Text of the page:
“Just because Jake Paul tends to skew to a much younger audience, and I’m a firm proponent of 21 should be the age for gambling, it’s a little dangerous to put that in the hands of an 18-year-old or someone who doesn’t quite understand the consequences of money,” added Captain Jack Andrews (a pseudonym), a professional gambler and co-founder of the sports betting education site Unabated. “I’m a little bit concerned about Jake Paul getting involved and I don’t want [his followers] to view micro-betting as everything that’s involved in your absorption of sports has to be a bet. ‘Is this a run or a pass? Bet now!’ It does kind of hyper-actualize sports observation.”
Livin’ on the edge
Given that he makes a living in the sports betting field, Andrews isn’t necessarily opposed to micro-betting and is, in fact, quite bullish on the broader in-game sector.
“As a sharp bettor, I like in-game betting because it’s harder for the sportsbook to spot the sharp action,” he explained. “There’s really no closing-line value because the line is always moving. It’s not necessarily indicative of the sharpness of the bettor. I can disguise my action a lot better in-game, get that edge, and the sportsbook doesn’t quite see that edge. I believe, personally, that sportsbooks are so blinded by this belief that in-game is where they need to be that they don’t see wins and losses.
“The problem that I have with micro-betting is the house edge is very high in those markets,” he continued. “What will be the outcome of this at-bat? You have four options. You can generally expect to have an 18 to 25 percent house hold on that market, and that’s hard to overcome for any bettor, a sharp or a square or whatever. Joey Levy also founded Simplebet, which is doing all these micro-betting markets. I’d like to see more competition so that house edge shrinks down and people try to get competitive based on price.”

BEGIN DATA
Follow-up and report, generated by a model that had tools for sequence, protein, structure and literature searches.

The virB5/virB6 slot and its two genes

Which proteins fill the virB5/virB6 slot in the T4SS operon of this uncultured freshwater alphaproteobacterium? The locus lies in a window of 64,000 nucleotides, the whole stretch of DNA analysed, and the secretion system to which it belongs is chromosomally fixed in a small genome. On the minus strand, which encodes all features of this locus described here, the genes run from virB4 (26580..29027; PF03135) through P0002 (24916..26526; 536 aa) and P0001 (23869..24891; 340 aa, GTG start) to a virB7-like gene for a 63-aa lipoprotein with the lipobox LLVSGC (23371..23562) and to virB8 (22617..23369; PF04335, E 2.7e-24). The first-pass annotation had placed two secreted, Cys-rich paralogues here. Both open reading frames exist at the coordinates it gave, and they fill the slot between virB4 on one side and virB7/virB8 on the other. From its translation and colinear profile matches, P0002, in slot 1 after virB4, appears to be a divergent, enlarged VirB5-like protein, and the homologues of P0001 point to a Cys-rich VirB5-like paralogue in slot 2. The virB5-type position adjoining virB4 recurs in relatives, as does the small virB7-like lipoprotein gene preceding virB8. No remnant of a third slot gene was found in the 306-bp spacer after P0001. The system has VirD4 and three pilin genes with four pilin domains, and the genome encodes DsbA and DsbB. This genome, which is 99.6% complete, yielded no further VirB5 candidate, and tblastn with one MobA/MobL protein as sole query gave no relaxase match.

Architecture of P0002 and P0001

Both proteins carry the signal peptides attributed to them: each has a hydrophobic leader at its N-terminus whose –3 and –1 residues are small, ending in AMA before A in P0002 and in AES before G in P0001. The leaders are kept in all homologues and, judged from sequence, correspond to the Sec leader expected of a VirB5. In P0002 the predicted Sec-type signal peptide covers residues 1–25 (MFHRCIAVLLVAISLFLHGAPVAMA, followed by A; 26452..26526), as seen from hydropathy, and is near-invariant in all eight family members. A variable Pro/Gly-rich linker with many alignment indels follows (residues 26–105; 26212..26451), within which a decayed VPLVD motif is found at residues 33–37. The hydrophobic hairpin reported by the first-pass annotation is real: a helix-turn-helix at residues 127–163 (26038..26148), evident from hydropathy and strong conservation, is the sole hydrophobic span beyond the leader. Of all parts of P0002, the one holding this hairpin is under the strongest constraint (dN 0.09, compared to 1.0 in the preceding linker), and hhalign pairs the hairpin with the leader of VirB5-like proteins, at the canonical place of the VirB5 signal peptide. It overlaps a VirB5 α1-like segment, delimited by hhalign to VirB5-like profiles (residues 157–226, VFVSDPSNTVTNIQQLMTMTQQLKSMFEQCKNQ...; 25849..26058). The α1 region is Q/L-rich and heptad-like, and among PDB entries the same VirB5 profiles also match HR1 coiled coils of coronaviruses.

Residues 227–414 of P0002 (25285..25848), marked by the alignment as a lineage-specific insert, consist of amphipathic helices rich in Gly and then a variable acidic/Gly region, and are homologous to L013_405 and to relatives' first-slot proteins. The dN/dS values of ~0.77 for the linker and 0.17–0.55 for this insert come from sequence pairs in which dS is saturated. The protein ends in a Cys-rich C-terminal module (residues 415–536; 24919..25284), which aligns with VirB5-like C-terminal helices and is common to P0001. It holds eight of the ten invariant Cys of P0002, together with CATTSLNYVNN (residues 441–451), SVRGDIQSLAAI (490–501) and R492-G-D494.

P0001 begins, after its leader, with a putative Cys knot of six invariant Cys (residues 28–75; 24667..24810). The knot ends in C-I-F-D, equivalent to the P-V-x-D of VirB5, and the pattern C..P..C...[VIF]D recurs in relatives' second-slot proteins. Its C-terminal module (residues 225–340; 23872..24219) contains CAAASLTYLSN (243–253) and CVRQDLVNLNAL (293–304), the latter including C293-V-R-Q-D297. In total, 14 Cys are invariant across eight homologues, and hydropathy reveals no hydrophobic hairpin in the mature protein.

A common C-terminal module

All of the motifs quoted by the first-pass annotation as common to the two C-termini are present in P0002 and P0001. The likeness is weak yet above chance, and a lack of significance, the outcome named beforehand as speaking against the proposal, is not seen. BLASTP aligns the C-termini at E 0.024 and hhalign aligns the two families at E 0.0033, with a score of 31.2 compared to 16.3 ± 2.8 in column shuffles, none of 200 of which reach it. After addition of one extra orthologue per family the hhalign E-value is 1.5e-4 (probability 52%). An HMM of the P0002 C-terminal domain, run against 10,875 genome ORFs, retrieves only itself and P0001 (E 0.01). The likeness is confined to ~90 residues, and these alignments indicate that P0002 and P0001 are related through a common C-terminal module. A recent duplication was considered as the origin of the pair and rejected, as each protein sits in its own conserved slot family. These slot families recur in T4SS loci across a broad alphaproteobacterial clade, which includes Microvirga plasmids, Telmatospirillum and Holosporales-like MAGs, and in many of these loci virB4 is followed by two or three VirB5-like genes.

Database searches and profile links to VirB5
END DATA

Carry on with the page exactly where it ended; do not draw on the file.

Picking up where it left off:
Echoing Whyte’s sentiment somewhat, Andrews compared micro-betting to slot machines, explaining, “Instead of having three hours for your bet to resolve, you have 30 seconds — then you can make another bet. If the recreational bettor sees it like it is, if they’re okay with that, it’s their choice to play it or not. It’s not like it’s deceptive. I would argue that same-game parlays are more deceptive, because you don’t necessarily understand the math around them.”
Returning the favor, Whyte added, “I think parlays are particularly difficult to understand for the average bettor. But it can be fun and also appeals to recreational gamblers who are not strategy-based. Some of the elements that make micro-betting entertaining may make it appeal more to a recreational player, and that might be a good thing. It’s just like the lottery — the odds are probably really bad. If you know that going in, then have fun with it.”